February 15th, 2019
Project progress & stress relief
The update for this month is slightly shorter, as there aren't many excited happenings to report on. On the plus side, after a few unsteady months our next project has picked up steam after and progresses steadily every day. Speaking of...
What am I working on right now?
More textures and engine overhauls!
As for the engine, majority of the brand new gameplay mechanics for our next game are in place, so on that front, the engine is almost ready. In fact, late last month I re-coded the very last run-time component that has remained as-is since the very first TAGAP. This was a recursive program that worked fine for the earlier, less-advanced engines, but in the new one it can cause page overflow.
Another engine component I've been re-tooling is the dynamic music engine. Whilst I've only just getting started modifying it, the aim is to make it way more free-form and dynamic than before. For example, the action/idle tracks tied together in TAGAP3, but the aim is to completely decouple them, allowing switching them separately on the fly. If this works as I'm intending, this should result in completely seamless flow of music from track to track.
And finally, when I need to rest my brain, I sit back and draw more of those base textures. You can never have too many of those before production starts properly.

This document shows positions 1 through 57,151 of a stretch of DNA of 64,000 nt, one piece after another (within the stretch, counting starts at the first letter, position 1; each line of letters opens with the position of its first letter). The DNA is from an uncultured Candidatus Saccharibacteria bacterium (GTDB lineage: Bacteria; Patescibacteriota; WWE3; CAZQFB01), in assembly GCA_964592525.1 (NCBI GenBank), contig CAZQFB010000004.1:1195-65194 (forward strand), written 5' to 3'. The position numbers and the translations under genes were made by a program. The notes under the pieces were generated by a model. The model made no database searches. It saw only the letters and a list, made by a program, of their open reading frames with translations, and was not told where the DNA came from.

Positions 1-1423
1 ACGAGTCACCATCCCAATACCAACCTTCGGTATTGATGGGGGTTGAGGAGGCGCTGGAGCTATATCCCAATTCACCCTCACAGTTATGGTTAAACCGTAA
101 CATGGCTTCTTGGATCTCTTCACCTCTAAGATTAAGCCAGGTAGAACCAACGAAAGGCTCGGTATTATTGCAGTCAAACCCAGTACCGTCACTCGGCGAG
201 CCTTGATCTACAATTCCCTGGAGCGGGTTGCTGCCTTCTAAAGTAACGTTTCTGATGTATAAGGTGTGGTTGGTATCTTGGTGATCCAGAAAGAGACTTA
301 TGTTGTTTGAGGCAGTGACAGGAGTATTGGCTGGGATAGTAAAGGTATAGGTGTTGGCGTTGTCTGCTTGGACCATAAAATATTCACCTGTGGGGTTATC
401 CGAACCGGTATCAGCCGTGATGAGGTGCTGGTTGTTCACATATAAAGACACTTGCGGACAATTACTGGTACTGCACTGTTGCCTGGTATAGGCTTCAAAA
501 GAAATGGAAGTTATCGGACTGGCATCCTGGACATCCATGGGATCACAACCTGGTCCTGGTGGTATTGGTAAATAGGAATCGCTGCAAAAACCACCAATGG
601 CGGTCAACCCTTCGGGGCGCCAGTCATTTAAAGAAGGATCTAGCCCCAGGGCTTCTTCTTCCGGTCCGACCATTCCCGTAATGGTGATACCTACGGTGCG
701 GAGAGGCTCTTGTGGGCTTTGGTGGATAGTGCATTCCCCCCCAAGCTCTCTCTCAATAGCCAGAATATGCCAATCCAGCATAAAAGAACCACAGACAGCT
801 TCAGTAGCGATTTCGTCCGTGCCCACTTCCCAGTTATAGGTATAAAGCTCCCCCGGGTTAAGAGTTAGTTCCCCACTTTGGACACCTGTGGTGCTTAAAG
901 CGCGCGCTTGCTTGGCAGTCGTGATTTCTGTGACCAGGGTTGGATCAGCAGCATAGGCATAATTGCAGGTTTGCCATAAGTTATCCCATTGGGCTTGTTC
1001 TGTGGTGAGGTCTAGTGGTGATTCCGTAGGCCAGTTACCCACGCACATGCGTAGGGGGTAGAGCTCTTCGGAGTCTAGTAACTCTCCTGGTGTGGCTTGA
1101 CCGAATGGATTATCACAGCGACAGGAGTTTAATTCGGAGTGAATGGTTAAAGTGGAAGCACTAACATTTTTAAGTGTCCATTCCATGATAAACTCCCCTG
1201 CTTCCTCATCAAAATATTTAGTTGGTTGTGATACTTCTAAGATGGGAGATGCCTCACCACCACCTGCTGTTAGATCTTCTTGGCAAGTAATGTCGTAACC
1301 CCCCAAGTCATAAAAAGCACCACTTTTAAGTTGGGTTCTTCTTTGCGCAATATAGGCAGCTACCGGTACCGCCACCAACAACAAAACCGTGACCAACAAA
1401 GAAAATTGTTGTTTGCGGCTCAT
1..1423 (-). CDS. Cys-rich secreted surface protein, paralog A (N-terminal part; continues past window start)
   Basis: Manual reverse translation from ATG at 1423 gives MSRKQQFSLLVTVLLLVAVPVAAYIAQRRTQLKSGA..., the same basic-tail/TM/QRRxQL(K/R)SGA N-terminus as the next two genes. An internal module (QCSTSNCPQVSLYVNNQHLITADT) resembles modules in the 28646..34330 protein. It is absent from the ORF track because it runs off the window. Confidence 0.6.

While all that is going on, I'm prepping TAGAP and TAGAP 2 for the full x64 conversion. My aim is to have the full TAGAP trilogy fully updated and ported to x64 by the T-Day '19, July 31st. Yay!
Playlist is a regular feature in our Penguin DT blog; A chance to highlight cool games both old and new that I've been playing. As always, I believe that in order to make games, you need to play them, preferably with a broad scope when it comes to genres, so each day I dedicate at least an hour to actually playing games. The rest of the free time? There is no such thing, it all belongs to TAGAP!
I've now finished with my Devil May Cry recap marathon. Well, almost; I still need to get PS4 copy of Devil May Cry 4 imported from Japan – because there is no retail western release – but I'm almost ready for Devil May Cry 5.
Whilst I wait the snail mail to get Nero shipped over here, I've been doing some therapeutic destruction in Red Faction Guerrilla: The Re-Mars-tered Edition by Volition and re-released by THQ Nordic. No matter what you think of THQ Nordic, they are real pun-inshers when it comes to the titles of their re-releases. The Penned Guin would be proud.
Anyway, Red Faction Guerrilla is almost every bit as good as it used to be on the older hardware. Considering the stresses I've had recently in my 'real life', taking the frustration out on an open world rigged with the best destruction simulation engine in gaming – Volition's GeoMod 2.0 – is a great anxiousness exhaust.
The only thing that hasn't aged well in the game is the friendly AI, which feels every bit as dumb as it used to. Or perhaps even worse, considering friendly AIs have developed significantly since the original release, leaving these chums look like lobotomy patients. On the plus side, apart from those prisoner rescue side-missions, you can mostly ignore them completely.
Until next time,
Jouni Lahtinen, the head penguin